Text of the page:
So, when I travel down there next week, to Brazil, I will bring with me several proposals to extend the commitment of the world community into the future. Let me outline for you my four-point plan of cooperation:

First, I will propose a major new initiative to protect and enhance the world's forests. I mentioned lessons learned about cost effectiveness. Well, halting the loss of the Earth's forests is one of the most cost-effective steps that we can take to cut carbon dioxide emissions. Forests also filter the air and water. They provide products from timber and fuelwood to pharmaceuticals and foodstuffs. They are home to more than half the world's species. At the Houston G - 7 summit 2 years ago, I proposed a global forest convention. At UNCED, we should get agreement on the principles leading up to that. But I propose today to move ahead faster. At Rio, I will ask the other industrialized countries to join me in doubling worldwide forest assistance with a goal of halting the loss of the world's forests by the end of the decade. As a down payment, the U.S. will increase its bilateral forest assistance by 0 million next year. The plan is to encourage partnerships between recipient countries who could propose new projects and investor countries who, in effect, could bid to support the most effective proposals for sequestering CO2 or preserving biodiversity.

Second, with respect to climate, the signing of a convention that calls for action plans is simply a first step. We must implement them. So I will join in proposing a prompt start to adoption of climate action plans. Of course, as new and better science becomes available on climate change, we will adjust that action plan accordingly. The solution to climate change must include the developing countries. While today they account for about a quarter of the world's emissions, by the year 2025 they will contribute over half. So we must have their participation, and we will fund country studies to get them started. These countries will need new technologies if they are to enjoy green growth. And America can provide them. So, my budget includes an investment of almost billion in developing new energy-efficient technologies. Hundreds of American businessmen will be traveling to Rio to make the case for our technology. But this effort must continue.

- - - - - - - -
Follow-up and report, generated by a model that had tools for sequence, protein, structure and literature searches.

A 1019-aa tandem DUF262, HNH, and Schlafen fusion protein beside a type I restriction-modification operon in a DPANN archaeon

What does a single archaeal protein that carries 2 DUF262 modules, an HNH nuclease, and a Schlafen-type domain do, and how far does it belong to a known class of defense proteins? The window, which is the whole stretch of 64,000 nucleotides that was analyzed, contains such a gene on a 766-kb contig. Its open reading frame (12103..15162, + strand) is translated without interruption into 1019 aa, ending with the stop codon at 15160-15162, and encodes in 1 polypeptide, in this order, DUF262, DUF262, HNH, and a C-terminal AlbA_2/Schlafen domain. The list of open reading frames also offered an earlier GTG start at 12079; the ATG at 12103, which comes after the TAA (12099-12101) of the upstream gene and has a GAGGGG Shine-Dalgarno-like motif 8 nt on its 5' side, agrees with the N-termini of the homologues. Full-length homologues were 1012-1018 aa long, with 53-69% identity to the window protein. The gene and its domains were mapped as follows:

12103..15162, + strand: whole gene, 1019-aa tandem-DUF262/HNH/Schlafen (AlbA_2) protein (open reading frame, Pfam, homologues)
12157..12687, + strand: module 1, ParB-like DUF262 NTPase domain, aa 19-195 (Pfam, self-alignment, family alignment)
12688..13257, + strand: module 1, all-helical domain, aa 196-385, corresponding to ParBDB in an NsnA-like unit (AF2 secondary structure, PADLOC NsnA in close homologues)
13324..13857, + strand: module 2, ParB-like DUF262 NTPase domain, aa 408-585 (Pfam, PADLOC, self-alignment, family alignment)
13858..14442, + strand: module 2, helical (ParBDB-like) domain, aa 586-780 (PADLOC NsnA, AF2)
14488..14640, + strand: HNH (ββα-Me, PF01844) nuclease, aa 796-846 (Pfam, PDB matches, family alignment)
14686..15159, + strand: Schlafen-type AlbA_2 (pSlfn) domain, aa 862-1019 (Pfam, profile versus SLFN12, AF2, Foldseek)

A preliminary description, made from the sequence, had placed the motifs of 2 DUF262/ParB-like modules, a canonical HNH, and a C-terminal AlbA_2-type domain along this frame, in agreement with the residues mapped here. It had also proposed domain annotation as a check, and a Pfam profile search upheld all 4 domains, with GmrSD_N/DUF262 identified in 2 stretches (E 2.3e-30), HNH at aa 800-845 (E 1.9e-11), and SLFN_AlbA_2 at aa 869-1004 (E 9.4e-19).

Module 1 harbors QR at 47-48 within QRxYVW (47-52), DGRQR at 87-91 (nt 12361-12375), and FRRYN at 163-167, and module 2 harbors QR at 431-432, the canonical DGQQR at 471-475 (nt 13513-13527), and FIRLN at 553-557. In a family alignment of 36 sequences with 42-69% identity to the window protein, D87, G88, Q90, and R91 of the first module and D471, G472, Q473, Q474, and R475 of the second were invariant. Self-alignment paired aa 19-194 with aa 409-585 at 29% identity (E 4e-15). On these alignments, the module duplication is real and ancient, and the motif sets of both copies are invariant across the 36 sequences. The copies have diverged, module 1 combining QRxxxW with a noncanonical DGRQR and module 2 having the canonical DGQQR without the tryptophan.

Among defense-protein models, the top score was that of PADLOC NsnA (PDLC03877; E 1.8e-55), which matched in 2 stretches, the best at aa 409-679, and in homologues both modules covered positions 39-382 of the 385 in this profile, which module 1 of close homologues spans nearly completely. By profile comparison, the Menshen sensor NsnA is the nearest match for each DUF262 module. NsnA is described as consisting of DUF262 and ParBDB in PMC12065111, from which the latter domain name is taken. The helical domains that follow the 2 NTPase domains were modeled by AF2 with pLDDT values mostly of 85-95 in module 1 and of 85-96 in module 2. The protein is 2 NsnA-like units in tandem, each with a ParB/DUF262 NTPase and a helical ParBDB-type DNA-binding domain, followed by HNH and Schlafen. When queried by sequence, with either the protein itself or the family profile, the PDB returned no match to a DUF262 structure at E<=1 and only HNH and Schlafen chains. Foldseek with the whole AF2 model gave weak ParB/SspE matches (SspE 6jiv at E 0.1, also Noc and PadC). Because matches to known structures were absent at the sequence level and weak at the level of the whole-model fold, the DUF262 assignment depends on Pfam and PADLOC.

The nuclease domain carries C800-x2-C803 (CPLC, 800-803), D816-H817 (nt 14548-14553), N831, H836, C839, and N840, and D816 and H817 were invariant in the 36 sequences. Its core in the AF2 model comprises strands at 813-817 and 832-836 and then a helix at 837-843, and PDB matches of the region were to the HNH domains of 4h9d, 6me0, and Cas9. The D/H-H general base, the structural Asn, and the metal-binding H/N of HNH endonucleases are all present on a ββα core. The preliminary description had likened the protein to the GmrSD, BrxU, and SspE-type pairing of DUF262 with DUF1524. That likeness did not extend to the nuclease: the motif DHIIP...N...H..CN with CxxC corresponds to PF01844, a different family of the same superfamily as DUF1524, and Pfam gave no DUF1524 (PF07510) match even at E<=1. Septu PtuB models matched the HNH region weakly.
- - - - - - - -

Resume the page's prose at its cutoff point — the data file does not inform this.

So then the third part of our plan is to support a program, a board program of technology cooperation. In particular, we're going to create a Technology Cooperation Corps to identify the green technology, those green technological needs of countries around the world, and then to knock down the barriers to making it available.

The fourth point of my program for a cleaner future is a continued program of research and understanding. This year we are requesting over .4 billion for the Global Change Research Program. That's more than the amount spent on climate research by the rest of the world put together. With Dan Goldin's leadership here at NASA, we will push for a program that provides results faster, cheaper, and better. At Rio, I will propose to make the data from our climate change program available and affordable for scientists and researchers all around the world. As part of this effort, we will distribute at that Conference, at UNCED, thousands of copies of computer disks with data on greenhouse effects, and we will open this year a Global Change Research Information Office.

These four steps -- a dramatic program to protect and to enhance forests; quick action on climate change; cooperation in deploying cleaner, more efficient technology; and then an ongoing program to develop and share sound science -- can help us seize that opportunity long after those speeches in Rio have been given and the Conference is over.

Two decades ago, when they gathered at Stockholm, the leaders of the world could not possibly have foreseen the tumultuous events of the intervening two decades. Then they worried about nuclear war as a chief environmental threat. They couldn't have known that today the specter of nuclear war, with its unthinkable destruction, would be calmed as never before in our postwar history. They could not possibly have envisioned that, with the fall of statism and communism, those who would come to Rio would have the chance to launch a new generation of clean growth guided by the wisdom of free peoples and fueled by the power of free markets. They could never have known how far we've have come in 20 years. Now it is for us to imagine how much further we can go. And what better place to make that point than standing before these people that are dedicated to demonstrating to the rest of the world how much farther we can go.

I am grateful to each and every one of you who gives of himself or herself to further the science and thus to improve and keep something very, very special, the environmental quality of our entire world. Thank you for what you do. And may God bless our great country. Thank you.

Note: The President spoke at 2:44 p.m. in the auditorium in Building 8. In his remarks, he referred to John M. Klineberg, Director, Goddard Space Flight Center; Brian D. Dailey, Executive Secretary-Designate, National Space Council; and Lennard A. Fisk, Associate Administrator for Space Science and Applications, NASA.